A small number of central banks around the world have experimented with issuing digital currencies, particularly for the purpose of cross-border payments. Despite these experiments, few central banks have immediate plans for broad implementation.8 Likewise, the Federal Reserve is not actively considering issuing a digital currency, but continues to monitor other central banks and engage with them to remain current on issues and plans.
Some scholars have suggested that a central bank digital currency could provide additional tools for central bankers’ toolkit. In particular, new tools could be useful in situations where conventional monetary policy has been exhausted and short-term interest rates have reached the effective lower bound. For example, a central bank could conceivably impose a negative interest rate on the digital currency or carry out a metaphorical helicopter drop of new money supply to all existing holders. Such tools raise some immediate questions, such as how a central bank would manage outflows from the digital currency in the presence of negative rates. These questions are in addition to the profound operational and technical challenges that any central bank would need to address in launching a digital currency, as well as other concerns such as how existing financial institutions would be affected by such a currency.9
Outside of digital currencies, blockchain technology has other potential uses. For example, blockchain is gaining traction as a means of tracking inventory or provenance. For example, blockchain has enabled suppliers and retailers to track products like milk and meat from origin to consumers—in other words, “from farm to fork.” In addition, global banks and groups of private firms are testing the technology and its capacity to allow for group monitoring and public tracking of contractual agreements, also known as “smart contracts.” Thus far, however, the use of blockchain to trade financial information and assets has been largely limited to pilot experiments where participation is strictly limited, such as Chase’s network in which a small number of corporate clients can transfer funds between each other using the JPM Coin. Large, decentralized, or “permissionless” public blockchains face implementation and regulatory barriers, as well as challenges in scaling up. They also require a high bar for data privacy and protection.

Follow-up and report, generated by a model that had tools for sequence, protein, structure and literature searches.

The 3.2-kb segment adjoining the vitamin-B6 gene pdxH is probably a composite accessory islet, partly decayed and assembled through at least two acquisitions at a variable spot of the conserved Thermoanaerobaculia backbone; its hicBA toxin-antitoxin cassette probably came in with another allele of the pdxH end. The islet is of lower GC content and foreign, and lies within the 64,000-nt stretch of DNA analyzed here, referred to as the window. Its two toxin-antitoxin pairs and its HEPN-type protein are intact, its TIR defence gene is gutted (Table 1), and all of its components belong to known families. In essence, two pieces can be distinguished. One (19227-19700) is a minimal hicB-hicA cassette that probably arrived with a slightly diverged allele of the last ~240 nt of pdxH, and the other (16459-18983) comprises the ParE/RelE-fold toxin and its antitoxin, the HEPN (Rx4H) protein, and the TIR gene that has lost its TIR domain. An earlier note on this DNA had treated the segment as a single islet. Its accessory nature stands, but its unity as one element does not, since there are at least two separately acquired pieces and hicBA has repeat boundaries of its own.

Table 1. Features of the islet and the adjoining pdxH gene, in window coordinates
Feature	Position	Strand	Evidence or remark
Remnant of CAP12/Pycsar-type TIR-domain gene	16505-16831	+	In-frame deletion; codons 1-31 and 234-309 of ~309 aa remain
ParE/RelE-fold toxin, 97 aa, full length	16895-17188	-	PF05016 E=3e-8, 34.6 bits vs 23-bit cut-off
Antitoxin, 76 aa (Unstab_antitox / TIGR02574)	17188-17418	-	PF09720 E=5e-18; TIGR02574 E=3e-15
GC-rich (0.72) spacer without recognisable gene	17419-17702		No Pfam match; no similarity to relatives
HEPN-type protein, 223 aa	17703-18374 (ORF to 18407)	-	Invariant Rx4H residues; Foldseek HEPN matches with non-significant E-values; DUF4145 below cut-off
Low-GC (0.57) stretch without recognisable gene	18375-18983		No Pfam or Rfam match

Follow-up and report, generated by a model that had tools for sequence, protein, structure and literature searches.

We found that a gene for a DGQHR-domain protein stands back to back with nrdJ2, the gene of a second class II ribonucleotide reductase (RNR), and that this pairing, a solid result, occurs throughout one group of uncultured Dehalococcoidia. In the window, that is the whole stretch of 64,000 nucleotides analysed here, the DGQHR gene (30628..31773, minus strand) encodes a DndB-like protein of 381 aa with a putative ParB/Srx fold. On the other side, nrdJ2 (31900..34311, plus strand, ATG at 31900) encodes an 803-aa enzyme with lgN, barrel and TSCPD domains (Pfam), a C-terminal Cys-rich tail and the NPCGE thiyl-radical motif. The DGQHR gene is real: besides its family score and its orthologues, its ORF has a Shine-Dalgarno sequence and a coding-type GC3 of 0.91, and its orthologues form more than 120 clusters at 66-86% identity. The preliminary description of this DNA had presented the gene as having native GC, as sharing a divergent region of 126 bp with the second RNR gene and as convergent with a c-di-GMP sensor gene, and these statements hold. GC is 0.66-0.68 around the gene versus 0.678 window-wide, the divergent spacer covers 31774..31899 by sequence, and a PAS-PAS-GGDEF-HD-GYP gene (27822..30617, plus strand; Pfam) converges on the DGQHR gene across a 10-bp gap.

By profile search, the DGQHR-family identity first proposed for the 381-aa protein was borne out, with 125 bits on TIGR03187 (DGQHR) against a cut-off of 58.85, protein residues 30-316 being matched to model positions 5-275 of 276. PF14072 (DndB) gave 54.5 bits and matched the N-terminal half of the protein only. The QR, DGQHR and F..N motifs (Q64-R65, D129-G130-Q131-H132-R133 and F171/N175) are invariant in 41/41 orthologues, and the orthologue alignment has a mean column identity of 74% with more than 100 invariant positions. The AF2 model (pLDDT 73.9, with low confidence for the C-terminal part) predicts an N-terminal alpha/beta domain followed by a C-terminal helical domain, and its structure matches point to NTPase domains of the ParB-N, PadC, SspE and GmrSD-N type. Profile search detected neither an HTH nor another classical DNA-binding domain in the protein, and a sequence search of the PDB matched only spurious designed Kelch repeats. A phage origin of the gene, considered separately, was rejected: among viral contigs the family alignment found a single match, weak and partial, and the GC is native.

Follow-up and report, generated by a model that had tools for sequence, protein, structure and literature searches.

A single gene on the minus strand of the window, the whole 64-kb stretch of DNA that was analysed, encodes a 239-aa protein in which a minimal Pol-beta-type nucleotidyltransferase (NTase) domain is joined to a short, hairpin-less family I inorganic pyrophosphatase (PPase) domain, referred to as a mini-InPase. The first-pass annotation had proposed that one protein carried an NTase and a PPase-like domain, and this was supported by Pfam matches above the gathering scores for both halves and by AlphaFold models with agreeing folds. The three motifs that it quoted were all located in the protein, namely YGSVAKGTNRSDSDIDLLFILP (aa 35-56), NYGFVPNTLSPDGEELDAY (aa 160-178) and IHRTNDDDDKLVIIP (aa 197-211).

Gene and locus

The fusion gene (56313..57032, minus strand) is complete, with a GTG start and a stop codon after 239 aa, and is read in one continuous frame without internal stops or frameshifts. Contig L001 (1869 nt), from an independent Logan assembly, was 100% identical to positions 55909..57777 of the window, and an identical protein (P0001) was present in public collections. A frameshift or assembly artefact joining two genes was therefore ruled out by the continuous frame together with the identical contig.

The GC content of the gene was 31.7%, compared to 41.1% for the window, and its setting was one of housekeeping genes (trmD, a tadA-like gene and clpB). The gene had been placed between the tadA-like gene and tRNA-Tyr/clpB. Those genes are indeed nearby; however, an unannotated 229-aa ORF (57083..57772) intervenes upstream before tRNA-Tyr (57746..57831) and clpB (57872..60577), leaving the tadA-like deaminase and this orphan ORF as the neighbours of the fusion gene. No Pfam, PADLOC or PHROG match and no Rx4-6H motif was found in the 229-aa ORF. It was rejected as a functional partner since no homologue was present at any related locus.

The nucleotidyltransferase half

Other technologies on the fintech spectrum
Of course, cryptocurrencies are not the only fintech development shaping payments, banking, regulation, and the financial ecosystem.
Artificial intelligence (AI), with its capabilities for pattern recognition and prediction, is being used for a host of processes and tasks in finance and banking. Banks and technology firms deploy AI for monitoring fraud, identifying breach points, and automating customer support tools. Additionally, AI has the potential to automate regulatory and compliance activities while incorporating more data for both regulators and regulated institutions. At the Chicago Fed, we are exploring AI projects to support core work in economic research, bank supervision, and internal business processes—similar to the ways banks and their technology vendors are exploring the use of AI to gain efficiencies and new insights.
While artificial intelligence and machine learning can introduce efficiencies, this is an area where caution and a clear understanding of the risks are critical. Given that tasks such as underwriting and credit scoring rely on broader sets of data and algorithms to support lending decisions, financial institutions will need to frequently examine the impact of this approach. Responsible AI fundamentals are necessary to ensure that unintended bias that could have an adverse effect on borrowers and access to credit is addressed.
Real-time payments and FedNow
I would like to shift gears now and turn to current plans for innovation in the U.S. payment system. Here I see the Federal Reserve as a leader in promoting innovation both to speed up payments and to ensure resilience of the U.S. payment system.